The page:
Since we are free to shape our built environment almost as we like (within our budget, known building materials and the laws of physics and state), why not make it beautiful? It seems like a rather blunt question, but if you look around, you will probably notice quite a few aesthetically unpleasing buildings. Surely their architects didn’t intend to insult your taste, so what actually happened there? Some of those buildings may be old and poorly maintained, but it is not uncommon for a newly built project to be called ugly by the public while considered a masterpiece by professionals. Similarly, some houses that were built exactly to suit their owners’ taste, are proclaimed to be a poor architecture by the professionals. Clearly, what we perceive as a good-looking building is very subjective; beauty is in the eye of beholder, as someone wisely put it. And building users often look at it differently than architects.
Caixa Forum art exibition, Madrid, Spain; photo by dirk huijssoon
As it often happens when we identify any differences, we instantly try to figure out who is right and who is wrong, or at least, whose opinion is more important. Is the customer always right or should we leave it to the professionals? This can lead to a long and emotional discussion, but lets not go there for once – looking for a winner-looser situation is never the optimal solution. That is why I was pleasantly surprised to find a piece of work that tries to reconcile differences between professionals and laymen in preferences for the appearance of built environment.
Dancing House (Fred and Ginger) by Vlado Milunić and Frank Gehry, Prague, Czech Republic; photo by Samuca°
Fawcett, Ellingham and Platt (2008) investigated preferences of architects and building users presenting them photographs of office buildings’ exterior. Buildings were distinguished from each other by three main attributes:
- Roof shape: pitched or flat
- Wall material: traditional (brick) or nontraditional (metal or panels)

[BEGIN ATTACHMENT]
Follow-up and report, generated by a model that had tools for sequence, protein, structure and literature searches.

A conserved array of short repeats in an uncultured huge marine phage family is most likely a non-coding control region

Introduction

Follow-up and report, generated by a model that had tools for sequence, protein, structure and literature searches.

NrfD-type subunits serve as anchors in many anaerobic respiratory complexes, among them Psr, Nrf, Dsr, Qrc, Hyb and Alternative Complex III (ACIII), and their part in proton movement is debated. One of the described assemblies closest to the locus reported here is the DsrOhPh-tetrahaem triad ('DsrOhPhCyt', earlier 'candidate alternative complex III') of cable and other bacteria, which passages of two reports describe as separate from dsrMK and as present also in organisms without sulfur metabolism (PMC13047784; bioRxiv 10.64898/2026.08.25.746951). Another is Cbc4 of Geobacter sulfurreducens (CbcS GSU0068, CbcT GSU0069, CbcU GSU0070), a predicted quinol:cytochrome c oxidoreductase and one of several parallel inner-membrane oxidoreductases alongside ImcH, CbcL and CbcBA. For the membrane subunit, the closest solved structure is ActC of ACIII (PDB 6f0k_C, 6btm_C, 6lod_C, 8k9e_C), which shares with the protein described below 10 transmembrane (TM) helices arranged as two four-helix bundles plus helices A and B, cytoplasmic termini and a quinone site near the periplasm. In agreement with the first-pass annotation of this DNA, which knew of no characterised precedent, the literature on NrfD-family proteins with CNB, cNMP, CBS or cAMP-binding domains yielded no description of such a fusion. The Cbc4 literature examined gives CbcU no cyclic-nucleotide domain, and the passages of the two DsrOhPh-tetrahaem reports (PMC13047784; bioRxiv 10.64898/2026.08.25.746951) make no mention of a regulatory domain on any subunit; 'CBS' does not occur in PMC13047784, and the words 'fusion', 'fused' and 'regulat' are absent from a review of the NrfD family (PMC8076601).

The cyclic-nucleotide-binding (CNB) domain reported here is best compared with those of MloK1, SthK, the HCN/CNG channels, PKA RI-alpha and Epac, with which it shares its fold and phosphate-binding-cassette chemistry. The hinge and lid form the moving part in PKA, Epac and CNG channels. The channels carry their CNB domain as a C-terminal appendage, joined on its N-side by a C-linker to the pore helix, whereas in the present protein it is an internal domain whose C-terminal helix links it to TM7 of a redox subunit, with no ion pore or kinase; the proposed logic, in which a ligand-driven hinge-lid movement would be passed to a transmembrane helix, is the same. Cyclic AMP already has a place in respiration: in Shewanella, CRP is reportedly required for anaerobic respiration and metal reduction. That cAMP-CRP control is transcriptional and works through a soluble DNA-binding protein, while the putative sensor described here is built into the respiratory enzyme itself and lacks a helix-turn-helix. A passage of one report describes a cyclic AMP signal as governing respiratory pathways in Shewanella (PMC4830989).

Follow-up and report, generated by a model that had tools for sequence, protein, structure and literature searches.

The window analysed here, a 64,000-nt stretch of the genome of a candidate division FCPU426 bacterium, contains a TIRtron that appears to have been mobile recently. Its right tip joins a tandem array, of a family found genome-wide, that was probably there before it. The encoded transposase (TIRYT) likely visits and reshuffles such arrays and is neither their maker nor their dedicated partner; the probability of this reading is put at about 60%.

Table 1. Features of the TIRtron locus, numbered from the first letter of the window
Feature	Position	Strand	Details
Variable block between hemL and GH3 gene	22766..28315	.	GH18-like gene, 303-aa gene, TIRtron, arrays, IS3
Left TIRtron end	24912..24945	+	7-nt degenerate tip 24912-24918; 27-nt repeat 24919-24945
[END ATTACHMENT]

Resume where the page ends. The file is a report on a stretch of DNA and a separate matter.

- Architectural character: weak or strong
Kamer van Koophandel office building by Jo Coenen, Maastrich, Netherlands; photo by jpmm
Design types that architects ranked highest included flat roof, nontraditional wall material and strong architectural character; and pitched roof, nontraditional wall material and strong architectural character.
Design types that users prefered the most were combinations of pitched roof, traditional wall material and weak architectural character; and pitched roof, traditional wall material and strong architectural character.
Vitra Haus by Jacques Herzog and Pierre de Meuron, Basel, Switzerland; photo by aless&ro
At first glance, preferences of architects and users couldn’t be more different. However, authors have found a way to avoid preference conflict by investigating importance that each attribute had for both architects’ and users’ preferences as shown below.
weighting of appearance attributes:
Users’ preferences appeared to be based primarily on roof shape, while architects’ preferences appeared to be based on architectural character.
Based on these findings, the building design that would satisfy both architects and building users, according to Fawcett, Ellingham and Platt, would be a design with pitched roof, traditional walling, and strong architectural character. Yes, this sounds very simplified, but it’s so refreshing to think that it is possible to meet both architects’ and users’ expectations regarding the attributes that are important to them.
MartA museum by Frank Gehry, Herford, Germany; photo by jpmm
Authors developed what they called an ordered preference model which assumes that building attributes could be ranked from ‘basic’ (roof shape) to ‘complex’ (architectural character), with the basic attribute being most important in the preferences of laymen, and the complex attribute most important to the architects. They suggest that the architect should follow user or client preferences to the level of competence of the user or client group, and take responsibility for the aspects of design where users do not have clear preferences, normally the complex attributes.
The NEMO Science Centre by Renzo Piano, Amsterdam, Netherlands; photo by o palsson
Since there seems to be a straightforward way of reconciling the values of architects and laymen, we can’t simply go on thinking that beauty is in the eye of beholder and leave things as they are – with one or the other side often dissatisfied. You might say now that beauty is in the willingness for the cooperation.
Fawcett, W., Ellingham, I., Platt, S. (2008). Reconciling the architectural preferences of architects and the public: the ordered preference model. Environment & Behavior vol.40, no.5, pp.599-618 (full text)